Kouznetsov Wrote:By the way, your deduction gives the hint, how to prove the Theorem 1.

Perhaps. I am not convinced yet that it is true, but if it was, this would be great. We even know vice versa if we have two solutions and of the Abel equation then , meaning that is a 1-periodic function, so we know already that each other solution of the Abel equation must be of the form for some 1-periodic . To prove theorem 1 everything depends on the behaviour of those 1-periodic functions for . For uniqueness roughly the real value must be go to infinity for the imaginary argument going to infinity.

Quote:(However, we have to scale the argument of sin function.)

Corrected in the original post.

Quote: How about the collaboration?That would be great.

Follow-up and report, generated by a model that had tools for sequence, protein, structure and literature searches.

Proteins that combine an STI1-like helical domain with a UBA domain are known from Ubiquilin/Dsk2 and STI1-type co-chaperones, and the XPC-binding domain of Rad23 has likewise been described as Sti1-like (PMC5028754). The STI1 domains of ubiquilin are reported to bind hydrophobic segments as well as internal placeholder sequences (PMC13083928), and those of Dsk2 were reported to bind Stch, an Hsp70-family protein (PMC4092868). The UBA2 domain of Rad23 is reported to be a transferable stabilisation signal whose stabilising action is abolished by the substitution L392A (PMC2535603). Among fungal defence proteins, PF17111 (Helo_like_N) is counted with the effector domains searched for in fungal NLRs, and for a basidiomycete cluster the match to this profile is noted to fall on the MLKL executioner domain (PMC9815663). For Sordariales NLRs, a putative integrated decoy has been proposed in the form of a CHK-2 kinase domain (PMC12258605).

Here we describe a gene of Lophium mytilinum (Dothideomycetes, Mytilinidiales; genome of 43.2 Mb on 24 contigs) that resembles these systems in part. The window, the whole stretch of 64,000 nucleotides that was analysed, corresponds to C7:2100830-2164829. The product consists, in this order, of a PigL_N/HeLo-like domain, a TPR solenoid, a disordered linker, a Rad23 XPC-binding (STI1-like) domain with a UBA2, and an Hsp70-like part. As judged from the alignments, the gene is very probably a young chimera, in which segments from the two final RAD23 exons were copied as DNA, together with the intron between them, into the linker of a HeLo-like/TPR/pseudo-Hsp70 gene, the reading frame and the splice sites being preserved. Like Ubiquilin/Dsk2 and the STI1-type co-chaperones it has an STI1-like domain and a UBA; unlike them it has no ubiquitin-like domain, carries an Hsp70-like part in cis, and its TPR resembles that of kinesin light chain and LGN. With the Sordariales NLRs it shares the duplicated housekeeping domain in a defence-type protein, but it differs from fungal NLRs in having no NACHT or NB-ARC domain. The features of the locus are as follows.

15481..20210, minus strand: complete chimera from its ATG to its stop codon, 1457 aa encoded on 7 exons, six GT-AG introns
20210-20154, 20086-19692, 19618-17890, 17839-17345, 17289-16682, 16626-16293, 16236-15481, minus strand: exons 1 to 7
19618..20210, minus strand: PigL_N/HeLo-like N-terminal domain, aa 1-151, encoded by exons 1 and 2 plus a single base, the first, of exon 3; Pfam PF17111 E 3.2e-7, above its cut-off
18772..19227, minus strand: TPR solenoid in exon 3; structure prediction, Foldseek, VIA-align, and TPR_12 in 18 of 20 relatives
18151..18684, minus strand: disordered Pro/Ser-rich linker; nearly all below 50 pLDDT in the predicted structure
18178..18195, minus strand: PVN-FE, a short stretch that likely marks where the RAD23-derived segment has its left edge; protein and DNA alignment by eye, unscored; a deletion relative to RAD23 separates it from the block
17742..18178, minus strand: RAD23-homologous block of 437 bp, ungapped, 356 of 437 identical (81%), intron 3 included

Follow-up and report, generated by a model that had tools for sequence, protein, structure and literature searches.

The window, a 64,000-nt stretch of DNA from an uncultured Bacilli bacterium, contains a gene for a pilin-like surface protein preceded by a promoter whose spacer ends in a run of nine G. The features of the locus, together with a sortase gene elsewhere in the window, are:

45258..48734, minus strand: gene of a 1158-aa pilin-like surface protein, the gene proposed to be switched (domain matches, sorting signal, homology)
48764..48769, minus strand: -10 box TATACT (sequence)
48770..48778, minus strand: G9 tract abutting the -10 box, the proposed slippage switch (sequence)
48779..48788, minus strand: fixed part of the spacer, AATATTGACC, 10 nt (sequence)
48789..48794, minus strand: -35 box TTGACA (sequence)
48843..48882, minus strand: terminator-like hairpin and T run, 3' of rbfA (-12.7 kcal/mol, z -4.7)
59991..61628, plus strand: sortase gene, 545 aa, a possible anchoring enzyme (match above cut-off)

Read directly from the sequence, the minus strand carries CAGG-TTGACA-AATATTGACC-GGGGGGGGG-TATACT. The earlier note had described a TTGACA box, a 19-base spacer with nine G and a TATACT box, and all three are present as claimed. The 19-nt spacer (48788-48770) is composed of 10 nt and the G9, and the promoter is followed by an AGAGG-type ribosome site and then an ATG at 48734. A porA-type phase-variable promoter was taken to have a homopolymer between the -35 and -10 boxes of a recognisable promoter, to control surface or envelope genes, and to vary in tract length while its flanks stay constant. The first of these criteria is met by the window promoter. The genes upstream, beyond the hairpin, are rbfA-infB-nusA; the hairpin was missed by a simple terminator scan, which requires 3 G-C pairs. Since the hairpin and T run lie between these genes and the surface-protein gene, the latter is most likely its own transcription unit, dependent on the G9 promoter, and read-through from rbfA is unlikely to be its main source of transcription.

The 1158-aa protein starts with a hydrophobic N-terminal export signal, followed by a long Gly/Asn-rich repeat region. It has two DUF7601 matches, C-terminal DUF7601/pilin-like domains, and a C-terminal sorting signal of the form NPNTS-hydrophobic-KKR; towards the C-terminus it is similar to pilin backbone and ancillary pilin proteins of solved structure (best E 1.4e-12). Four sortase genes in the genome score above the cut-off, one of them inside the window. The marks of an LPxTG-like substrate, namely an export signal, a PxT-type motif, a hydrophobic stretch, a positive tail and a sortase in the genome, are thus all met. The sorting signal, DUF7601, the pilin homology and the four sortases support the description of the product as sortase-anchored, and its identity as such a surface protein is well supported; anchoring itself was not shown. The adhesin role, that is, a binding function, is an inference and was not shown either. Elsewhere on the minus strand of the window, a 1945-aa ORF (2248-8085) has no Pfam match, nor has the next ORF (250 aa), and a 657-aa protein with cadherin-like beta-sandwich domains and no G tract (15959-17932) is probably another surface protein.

Quote:(P.S. Does the number of replies I should answer grow as the Ackermann function of time, or just exponentially?)

I would guess its rather logarithmically (much questions at the start but then slowly ebbing away)! At least here is another question: Can you please compute values on the real axis for bases for example for ? I would like to compare your solution with the regular tetration developed at the lower real fixed point (which would be 2 in the case of ) of .

@Andrew

Can you post a comparison graph with your slog/sexp? The values are in Dmitrii's paper. How does the periodicity of your slog (or was it sexp?) at the imaginary axis compare with Dmitrii's limit (where is a fixed point of )?